A one-on-one with Mayor Lori Lightfoot, who spent part of the week in Springfield lobbying lawmakers to approve a bill that would ease some of the casino taxes and fees. We discuss that and more with the mayor.
With the acknowledgement that “our choices remain hard, our fiscal situation challenging,” Illinois Gov. J.B. Pritzker on Wednesday delivered his proposal for a $42 billion state spending plan for the coming fiscal year.
Even as cities like Rockford and Waukegan move forward with their fresh authority to host casinos, Chicago is at a standstill.
In the war against plastic pollution, Illinois legislators just announced a new battle plan that would tackle the problem from multiple angles.
Previous attempts to end gerrymandering in Illinois have come up short, but a coalition of advocacy groups are at it once again.
State Sen. Rob Martwick says the bill would grant students up to five excused absences from class to let them “take care of their mental health, just like they would be with a broken bone or the flu.”
Gov. J.B. Pritzker and Illinois lawmakers are signaling they could be ready to pass legislation that eventually moves the state to 100% renewable energy. A look at how that might happen.
A guilty plea has reverberations throughout the state. Coronavirus concerns spread in Chicago. A massive restructuring of the Chicago Police Department. And Catholic schools get a financial lifeline.
Beyond Gov. J.B. Pritzker’s State of the State address, the guilty plea of yet another former public official is the talk of Springfield and Chicago. Our politics team digs into that story and more in our weekly roundtable.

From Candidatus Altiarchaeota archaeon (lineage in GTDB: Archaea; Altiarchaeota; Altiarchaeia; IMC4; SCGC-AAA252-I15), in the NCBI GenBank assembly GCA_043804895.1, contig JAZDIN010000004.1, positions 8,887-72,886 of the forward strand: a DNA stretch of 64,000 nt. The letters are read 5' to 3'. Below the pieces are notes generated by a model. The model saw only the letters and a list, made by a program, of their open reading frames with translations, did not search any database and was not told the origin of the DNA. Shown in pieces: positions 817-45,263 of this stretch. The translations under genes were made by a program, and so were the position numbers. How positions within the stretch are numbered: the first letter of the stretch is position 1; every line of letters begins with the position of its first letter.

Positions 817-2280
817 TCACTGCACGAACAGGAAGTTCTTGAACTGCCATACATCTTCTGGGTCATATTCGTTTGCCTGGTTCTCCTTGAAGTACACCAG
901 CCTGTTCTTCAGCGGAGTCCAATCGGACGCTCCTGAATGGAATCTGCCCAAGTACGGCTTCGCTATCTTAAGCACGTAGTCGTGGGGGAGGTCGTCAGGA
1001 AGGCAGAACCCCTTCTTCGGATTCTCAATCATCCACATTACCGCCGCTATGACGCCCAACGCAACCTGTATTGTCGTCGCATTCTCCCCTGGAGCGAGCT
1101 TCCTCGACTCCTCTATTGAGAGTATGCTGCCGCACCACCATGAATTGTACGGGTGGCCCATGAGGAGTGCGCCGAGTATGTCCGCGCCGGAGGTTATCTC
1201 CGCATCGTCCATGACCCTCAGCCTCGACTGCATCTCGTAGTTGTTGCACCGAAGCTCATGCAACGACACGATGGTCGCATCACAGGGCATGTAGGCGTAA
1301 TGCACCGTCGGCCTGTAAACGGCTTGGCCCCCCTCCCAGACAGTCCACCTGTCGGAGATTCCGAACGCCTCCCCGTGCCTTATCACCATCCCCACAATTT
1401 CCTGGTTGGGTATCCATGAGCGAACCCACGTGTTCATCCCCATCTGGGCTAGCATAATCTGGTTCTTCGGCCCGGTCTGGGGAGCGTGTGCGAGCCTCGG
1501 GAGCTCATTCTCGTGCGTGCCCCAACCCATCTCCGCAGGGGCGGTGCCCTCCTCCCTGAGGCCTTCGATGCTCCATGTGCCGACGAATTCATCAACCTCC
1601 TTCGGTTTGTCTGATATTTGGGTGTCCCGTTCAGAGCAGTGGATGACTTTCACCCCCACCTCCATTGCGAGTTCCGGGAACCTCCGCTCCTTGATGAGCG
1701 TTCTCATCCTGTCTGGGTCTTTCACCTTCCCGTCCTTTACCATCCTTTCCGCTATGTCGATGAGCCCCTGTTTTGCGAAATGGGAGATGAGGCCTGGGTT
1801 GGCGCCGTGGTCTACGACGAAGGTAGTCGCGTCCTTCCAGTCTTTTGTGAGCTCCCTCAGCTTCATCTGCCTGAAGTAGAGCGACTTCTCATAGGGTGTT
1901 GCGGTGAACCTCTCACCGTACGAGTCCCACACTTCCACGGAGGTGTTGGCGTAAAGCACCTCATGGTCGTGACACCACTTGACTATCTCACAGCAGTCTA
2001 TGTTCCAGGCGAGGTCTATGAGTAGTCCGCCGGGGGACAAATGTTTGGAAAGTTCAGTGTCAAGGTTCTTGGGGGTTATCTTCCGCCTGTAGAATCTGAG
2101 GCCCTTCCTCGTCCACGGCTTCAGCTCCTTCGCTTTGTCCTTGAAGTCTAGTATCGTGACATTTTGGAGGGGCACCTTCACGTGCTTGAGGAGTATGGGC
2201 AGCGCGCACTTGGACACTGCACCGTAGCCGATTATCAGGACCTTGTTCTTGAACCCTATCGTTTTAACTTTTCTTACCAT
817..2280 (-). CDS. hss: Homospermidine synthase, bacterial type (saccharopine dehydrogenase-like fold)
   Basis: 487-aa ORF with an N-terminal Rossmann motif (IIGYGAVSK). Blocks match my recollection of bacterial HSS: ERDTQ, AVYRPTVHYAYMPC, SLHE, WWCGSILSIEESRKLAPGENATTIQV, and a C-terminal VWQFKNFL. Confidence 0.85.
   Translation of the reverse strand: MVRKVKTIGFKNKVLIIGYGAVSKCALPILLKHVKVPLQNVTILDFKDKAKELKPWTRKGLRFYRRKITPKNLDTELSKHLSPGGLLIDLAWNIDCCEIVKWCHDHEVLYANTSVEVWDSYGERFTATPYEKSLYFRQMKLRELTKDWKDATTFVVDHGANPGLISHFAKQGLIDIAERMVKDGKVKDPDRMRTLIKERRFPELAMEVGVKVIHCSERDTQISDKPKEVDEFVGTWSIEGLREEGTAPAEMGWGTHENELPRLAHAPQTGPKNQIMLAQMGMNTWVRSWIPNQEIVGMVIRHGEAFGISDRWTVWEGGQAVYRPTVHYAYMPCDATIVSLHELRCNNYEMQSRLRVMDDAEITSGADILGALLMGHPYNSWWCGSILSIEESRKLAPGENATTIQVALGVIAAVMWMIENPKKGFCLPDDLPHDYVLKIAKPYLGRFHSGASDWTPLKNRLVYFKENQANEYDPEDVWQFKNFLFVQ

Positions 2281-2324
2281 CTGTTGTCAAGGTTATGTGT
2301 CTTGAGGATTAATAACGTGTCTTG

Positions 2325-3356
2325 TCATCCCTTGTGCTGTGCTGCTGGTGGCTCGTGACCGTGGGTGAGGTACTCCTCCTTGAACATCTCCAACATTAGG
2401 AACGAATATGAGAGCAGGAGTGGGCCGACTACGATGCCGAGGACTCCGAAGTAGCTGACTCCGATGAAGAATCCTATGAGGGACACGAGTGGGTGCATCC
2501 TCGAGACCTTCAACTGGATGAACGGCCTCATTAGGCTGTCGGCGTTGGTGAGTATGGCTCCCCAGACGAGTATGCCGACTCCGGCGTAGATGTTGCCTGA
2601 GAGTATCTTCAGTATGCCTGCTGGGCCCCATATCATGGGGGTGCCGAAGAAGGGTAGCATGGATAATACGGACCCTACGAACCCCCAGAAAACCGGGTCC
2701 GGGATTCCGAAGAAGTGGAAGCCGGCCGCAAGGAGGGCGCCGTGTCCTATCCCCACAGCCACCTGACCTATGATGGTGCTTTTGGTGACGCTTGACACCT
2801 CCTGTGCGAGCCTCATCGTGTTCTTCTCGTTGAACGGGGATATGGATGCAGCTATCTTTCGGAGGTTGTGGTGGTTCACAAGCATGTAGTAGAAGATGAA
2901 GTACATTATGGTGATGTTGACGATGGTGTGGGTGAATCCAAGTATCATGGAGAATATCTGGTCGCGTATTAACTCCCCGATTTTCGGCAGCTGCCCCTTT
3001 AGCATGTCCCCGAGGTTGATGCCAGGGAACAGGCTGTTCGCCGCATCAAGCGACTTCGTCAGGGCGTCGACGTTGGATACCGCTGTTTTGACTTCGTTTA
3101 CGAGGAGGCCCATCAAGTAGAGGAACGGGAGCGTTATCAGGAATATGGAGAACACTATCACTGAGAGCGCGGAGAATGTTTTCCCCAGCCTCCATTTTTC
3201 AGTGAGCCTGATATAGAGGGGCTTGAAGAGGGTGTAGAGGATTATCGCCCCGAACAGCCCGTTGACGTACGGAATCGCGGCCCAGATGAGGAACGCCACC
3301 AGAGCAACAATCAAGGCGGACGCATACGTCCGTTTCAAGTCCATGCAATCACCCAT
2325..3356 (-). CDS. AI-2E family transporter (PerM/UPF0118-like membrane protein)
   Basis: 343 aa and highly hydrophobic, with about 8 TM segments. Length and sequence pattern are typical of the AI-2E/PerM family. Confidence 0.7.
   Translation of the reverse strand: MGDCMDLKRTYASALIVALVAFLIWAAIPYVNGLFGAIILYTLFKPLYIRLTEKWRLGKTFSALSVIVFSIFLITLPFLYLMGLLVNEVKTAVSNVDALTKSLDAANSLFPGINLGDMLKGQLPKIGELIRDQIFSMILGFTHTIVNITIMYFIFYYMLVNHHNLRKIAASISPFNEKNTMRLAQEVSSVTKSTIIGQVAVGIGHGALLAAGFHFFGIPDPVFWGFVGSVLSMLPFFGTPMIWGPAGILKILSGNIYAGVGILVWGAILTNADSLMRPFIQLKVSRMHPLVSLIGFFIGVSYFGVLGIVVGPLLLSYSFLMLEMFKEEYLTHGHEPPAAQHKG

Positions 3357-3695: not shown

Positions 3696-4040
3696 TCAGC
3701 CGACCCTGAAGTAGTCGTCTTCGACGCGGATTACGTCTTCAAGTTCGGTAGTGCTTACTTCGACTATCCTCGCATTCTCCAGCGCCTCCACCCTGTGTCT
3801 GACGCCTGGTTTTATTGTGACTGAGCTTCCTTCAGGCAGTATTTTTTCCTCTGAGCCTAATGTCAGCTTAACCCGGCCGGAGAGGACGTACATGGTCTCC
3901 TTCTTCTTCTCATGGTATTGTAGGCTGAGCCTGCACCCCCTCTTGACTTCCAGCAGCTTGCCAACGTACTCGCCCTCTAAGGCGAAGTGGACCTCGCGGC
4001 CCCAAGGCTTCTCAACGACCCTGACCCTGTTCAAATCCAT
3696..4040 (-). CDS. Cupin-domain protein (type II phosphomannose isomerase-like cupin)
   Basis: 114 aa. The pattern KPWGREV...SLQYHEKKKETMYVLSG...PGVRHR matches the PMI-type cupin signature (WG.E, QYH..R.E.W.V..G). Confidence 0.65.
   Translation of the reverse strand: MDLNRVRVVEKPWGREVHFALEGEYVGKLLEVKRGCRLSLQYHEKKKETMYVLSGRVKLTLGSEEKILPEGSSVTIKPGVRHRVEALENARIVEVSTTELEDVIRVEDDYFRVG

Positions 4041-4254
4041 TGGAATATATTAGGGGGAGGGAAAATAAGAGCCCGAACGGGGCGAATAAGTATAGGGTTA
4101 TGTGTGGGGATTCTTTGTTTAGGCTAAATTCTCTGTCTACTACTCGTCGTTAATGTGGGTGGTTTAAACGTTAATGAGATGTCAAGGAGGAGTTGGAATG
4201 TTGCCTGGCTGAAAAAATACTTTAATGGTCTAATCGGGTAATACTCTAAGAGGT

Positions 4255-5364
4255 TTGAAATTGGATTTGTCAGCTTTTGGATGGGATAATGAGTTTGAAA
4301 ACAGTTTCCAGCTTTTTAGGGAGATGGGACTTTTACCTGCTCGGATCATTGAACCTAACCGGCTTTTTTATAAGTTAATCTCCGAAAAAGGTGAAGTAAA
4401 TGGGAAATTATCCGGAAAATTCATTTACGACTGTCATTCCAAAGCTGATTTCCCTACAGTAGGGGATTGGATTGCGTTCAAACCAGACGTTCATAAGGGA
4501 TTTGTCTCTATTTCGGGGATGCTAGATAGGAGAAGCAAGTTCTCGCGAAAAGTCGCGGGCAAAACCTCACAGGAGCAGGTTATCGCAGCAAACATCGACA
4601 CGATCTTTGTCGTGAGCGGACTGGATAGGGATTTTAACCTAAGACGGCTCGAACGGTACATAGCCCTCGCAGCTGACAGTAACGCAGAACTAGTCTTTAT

Illinois Gov. J.B. Pritzker pointedly used his State of the State address Wednesday to frame Illinois in a positive light thanks to the burst of laws passed during the first year of his administration.
Instead of spending Tuesday in Springfield for the start of Illinois’ 2020 legislative session, former state Sen. Martin Sandoval spent it in federal court in Chicago, where he admitted to taking a quarter of a million dollars in bribes.
At a time when leading legislators’ private side jobs are increasingly under scrutiny, newly elevated state Senate President Don Harmon will step down as a partner at the law firm Burke Burns & Pinelli, Ltd. to focus full-time on his new leadership position.
Illinois’ primary election isn’t until March, but perhaps the most consequential state race of the year has already taken place, as state senators on Sunday elected a new president: Sen. Don Harmon of Oak Park.
House Speaker Michael Madigan has shelled out big money from his campaign fund to pay attorneys – and he isn’t the only public official to do so.
After 41 years in public service, Illinois Senate President John Cullerton is stepping down. He reflects on recent headlines, his life in politics and what’s next.